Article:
I used `gamemode` because it seemed like a nice performance tool; however it caused performance, stability, and issues (in TeamF2). In TF2, I had irregular frame rates and frame times.
I decided to disable `gamemode` to see what would happen; because it's a good idea to test *every* known factor. **I got a consistent frame rate of 60fps and consistent frametime of 16.67ms.**
> **GameMode** is a daemon/lib combo for Linux that allows games to request a set of optimisations be temporarily applied to the host OS and/or a game process.
> GameMode was designed primarily as a stop-gap solution to problems with the Intel and AMD CPU powersave or ondemand governors, but is now host to a range of optimisation features and configurations.
> Currently GameMode includes support for optimisations including:
>* CPU governor
>* I/O priority
>* Process niceness
>* Kernel scheduler (`SCHED_ISO`)
>* Screensaver inhibiting
>* GPU performance mode (NVIDIA and AMD),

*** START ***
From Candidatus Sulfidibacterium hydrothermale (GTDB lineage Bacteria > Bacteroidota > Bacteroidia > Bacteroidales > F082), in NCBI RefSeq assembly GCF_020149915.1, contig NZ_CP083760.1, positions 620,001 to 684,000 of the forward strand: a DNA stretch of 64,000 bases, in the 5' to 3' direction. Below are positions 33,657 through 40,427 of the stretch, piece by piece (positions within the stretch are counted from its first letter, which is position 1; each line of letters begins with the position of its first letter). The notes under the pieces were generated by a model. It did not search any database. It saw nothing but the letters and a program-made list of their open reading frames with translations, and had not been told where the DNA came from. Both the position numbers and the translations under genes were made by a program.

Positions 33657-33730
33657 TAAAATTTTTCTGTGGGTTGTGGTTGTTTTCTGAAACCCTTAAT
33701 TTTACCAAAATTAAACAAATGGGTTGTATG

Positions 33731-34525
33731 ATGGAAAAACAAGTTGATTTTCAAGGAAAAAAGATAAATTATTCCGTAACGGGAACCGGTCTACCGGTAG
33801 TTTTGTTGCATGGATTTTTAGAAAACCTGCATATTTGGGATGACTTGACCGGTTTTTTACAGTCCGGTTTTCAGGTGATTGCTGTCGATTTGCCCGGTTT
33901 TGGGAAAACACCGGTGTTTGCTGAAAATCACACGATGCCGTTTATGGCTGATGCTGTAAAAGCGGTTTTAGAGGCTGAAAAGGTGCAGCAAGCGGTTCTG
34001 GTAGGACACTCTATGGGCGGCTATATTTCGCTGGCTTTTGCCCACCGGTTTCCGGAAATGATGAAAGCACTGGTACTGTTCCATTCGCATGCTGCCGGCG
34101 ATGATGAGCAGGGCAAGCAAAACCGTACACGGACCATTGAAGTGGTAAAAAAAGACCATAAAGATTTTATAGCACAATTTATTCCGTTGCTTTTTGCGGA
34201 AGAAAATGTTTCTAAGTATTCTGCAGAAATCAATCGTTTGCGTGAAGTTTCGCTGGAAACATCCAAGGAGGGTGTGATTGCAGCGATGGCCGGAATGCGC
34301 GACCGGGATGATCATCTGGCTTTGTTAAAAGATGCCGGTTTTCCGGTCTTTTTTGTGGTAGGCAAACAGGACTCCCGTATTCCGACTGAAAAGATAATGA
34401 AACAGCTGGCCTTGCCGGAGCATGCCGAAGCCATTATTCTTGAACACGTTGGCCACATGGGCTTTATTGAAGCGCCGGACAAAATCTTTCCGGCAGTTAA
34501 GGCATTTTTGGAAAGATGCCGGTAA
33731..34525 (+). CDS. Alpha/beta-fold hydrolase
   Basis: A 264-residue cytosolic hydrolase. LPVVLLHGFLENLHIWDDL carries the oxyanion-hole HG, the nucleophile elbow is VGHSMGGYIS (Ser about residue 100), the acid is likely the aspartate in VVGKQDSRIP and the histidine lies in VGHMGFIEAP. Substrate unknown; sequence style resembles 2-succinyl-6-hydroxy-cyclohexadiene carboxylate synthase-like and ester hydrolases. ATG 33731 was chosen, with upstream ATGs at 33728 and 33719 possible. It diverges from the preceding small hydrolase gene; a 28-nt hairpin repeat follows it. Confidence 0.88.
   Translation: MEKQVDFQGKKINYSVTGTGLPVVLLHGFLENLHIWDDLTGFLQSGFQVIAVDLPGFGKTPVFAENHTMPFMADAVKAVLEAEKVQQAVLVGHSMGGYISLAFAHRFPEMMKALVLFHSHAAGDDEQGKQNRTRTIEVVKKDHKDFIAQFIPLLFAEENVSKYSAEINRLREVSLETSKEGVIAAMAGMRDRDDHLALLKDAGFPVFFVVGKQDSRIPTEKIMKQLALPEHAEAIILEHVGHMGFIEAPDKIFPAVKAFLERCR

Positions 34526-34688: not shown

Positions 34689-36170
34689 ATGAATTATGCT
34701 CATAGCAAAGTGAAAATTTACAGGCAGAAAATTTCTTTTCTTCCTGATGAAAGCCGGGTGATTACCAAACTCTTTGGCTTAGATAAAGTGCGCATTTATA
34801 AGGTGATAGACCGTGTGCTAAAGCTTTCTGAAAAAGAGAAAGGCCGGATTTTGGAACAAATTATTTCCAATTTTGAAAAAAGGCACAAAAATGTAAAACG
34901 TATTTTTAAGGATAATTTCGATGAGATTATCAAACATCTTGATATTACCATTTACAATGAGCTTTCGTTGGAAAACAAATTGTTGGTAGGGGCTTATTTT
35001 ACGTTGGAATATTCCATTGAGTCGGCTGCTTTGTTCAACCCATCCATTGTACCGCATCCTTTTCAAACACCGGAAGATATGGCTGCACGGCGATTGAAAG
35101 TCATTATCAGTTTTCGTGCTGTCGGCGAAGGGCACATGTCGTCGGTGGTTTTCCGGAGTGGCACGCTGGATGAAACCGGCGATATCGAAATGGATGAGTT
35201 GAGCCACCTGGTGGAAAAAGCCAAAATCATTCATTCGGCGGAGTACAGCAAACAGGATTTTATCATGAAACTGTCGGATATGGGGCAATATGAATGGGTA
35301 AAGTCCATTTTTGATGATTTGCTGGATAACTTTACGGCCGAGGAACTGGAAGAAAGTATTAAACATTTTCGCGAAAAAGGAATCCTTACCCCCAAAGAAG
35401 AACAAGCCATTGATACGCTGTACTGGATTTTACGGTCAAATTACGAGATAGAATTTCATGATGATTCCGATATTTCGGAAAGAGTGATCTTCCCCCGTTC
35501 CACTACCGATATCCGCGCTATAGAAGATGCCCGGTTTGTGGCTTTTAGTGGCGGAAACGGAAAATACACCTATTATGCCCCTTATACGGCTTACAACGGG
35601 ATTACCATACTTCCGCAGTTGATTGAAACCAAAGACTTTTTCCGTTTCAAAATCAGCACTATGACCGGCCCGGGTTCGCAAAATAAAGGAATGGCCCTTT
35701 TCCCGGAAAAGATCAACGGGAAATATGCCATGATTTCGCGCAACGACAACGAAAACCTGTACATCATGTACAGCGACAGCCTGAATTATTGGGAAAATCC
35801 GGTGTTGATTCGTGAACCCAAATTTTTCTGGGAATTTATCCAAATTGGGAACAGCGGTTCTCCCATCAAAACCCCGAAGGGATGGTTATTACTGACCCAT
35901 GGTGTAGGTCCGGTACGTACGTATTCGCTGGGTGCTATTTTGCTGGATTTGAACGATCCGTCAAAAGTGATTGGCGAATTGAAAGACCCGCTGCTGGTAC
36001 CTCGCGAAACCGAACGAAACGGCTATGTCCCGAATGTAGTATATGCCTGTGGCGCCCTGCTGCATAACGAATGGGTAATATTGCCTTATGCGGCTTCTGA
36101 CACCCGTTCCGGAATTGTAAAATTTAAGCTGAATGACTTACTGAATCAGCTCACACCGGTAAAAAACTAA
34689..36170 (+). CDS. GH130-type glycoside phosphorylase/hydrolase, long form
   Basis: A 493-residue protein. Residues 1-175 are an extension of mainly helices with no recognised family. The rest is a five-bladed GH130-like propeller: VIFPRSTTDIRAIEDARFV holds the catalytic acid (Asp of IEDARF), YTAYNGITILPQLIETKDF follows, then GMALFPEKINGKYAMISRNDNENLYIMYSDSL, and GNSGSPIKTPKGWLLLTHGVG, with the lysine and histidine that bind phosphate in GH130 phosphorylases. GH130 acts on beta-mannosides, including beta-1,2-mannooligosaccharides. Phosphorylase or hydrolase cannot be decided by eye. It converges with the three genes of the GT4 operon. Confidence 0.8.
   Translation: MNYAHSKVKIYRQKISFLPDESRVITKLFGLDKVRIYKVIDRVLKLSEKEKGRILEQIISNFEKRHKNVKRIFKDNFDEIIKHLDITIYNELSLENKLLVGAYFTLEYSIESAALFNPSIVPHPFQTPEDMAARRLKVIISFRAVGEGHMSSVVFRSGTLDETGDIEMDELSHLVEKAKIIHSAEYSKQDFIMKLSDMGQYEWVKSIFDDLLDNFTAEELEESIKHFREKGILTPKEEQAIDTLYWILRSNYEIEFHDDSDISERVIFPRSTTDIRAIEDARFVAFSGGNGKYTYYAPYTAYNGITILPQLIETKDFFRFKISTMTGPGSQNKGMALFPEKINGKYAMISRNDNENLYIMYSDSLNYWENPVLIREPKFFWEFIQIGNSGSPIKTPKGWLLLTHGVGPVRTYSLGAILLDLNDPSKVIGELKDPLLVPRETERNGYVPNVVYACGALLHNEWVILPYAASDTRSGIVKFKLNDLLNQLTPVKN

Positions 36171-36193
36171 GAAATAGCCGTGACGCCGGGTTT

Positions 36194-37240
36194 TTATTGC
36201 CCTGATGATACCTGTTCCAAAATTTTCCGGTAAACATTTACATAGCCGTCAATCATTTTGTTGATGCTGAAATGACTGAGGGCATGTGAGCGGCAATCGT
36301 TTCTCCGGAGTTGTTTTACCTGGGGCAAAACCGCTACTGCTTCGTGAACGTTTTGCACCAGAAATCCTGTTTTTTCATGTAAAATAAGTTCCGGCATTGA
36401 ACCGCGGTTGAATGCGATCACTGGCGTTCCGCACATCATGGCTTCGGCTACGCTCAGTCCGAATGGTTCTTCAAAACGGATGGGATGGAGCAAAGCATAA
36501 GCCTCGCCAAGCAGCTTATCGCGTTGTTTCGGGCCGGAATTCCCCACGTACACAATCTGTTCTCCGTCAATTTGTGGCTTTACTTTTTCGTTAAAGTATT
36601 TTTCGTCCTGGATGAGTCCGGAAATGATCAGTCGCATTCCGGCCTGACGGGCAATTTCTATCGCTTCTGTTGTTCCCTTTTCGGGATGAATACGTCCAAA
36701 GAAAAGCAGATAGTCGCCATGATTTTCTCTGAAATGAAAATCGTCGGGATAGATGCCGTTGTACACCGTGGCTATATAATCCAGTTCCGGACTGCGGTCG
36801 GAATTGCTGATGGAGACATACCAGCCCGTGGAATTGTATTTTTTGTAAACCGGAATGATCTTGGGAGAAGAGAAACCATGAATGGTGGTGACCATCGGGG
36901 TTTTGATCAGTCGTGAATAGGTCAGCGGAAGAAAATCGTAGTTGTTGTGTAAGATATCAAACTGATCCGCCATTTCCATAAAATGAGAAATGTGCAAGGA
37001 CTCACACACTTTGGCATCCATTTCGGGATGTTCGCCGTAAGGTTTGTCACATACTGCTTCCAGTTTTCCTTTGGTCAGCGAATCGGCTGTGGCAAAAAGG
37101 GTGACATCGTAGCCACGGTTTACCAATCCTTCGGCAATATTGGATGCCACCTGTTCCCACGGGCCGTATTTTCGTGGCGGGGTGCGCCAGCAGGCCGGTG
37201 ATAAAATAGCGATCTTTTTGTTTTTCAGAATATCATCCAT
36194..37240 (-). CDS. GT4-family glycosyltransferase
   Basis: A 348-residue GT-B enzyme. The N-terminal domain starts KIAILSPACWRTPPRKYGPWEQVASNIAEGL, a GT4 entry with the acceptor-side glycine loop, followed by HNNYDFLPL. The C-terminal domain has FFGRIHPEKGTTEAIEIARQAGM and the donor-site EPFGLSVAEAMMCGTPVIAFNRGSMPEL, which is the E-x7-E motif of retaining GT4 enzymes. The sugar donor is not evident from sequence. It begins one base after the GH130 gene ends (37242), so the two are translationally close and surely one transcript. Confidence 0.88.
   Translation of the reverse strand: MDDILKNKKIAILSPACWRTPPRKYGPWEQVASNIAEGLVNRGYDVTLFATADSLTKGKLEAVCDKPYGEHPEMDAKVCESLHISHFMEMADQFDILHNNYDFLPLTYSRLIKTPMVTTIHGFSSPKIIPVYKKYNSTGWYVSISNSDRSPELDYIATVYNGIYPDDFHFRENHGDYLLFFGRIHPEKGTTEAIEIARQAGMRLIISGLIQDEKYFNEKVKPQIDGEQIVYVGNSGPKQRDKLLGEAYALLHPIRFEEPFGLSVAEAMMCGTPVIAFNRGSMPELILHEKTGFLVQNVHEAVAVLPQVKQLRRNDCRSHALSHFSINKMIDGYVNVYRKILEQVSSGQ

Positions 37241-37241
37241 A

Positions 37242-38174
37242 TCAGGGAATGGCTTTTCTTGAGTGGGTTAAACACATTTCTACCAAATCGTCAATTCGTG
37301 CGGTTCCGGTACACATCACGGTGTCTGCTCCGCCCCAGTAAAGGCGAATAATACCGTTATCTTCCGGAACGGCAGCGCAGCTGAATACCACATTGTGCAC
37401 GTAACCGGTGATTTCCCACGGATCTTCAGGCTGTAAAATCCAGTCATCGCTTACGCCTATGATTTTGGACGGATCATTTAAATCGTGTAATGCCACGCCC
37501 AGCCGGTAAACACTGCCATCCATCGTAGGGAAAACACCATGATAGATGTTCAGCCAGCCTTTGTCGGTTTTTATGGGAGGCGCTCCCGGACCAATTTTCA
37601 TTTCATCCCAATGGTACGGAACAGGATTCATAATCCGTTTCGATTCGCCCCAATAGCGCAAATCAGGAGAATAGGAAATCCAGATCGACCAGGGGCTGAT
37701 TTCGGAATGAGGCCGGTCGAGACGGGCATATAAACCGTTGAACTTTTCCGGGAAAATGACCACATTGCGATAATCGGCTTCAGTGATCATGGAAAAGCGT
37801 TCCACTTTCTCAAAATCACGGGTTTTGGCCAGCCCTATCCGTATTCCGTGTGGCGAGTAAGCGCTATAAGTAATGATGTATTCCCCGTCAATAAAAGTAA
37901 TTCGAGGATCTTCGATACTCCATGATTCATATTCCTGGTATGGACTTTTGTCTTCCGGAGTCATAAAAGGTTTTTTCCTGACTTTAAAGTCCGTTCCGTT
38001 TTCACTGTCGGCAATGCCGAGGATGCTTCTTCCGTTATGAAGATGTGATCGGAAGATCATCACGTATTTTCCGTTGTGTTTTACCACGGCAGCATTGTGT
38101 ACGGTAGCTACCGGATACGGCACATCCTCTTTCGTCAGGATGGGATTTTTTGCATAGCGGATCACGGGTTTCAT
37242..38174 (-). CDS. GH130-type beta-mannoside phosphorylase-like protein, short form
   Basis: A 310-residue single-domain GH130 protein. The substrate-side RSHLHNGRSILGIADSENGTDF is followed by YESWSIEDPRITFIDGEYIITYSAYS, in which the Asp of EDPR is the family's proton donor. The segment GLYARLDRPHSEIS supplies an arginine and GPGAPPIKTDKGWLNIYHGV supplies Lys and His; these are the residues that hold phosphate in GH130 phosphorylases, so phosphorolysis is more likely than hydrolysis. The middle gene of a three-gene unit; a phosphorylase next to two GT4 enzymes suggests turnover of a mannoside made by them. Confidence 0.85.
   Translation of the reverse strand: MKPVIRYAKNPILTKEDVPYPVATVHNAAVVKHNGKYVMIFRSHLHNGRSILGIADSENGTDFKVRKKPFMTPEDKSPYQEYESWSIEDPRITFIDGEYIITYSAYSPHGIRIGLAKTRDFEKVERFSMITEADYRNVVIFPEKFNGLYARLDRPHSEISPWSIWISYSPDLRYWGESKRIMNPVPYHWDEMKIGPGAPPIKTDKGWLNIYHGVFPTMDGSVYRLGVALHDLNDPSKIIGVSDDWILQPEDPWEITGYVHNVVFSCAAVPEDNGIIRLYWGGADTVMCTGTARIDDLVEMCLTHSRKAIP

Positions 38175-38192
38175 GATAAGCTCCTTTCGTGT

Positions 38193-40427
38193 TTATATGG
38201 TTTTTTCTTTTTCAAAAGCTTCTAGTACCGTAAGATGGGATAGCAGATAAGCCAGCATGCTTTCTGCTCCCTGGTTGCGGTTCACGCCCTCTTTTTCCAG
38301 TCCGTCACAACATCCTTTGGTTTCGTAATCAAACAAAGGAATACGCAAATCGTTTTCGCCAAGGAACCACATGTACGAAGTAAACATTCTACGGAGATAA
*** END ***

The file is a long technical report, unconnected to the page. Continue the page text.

>* GPU overclocking (NVIDIA)
>* Custom scripts
Constantly changing the behavior of the CPU and priorities can be *very* bad for stability.
I think games should focus on optimizing *their code*, instead of relying on third party software.
Game boosters are known to be snake oil; FOSS game boosters are not an exception.
My mom has a business and mostly uses Windows and Mac OS X; I mentioned Linux because it could help save money.
She is unfamiliar with Linux though; I gave her some basic introduction (uncertain if it's any good, but sure), but I would like to be able to ease her into Linux *if she prefers it*.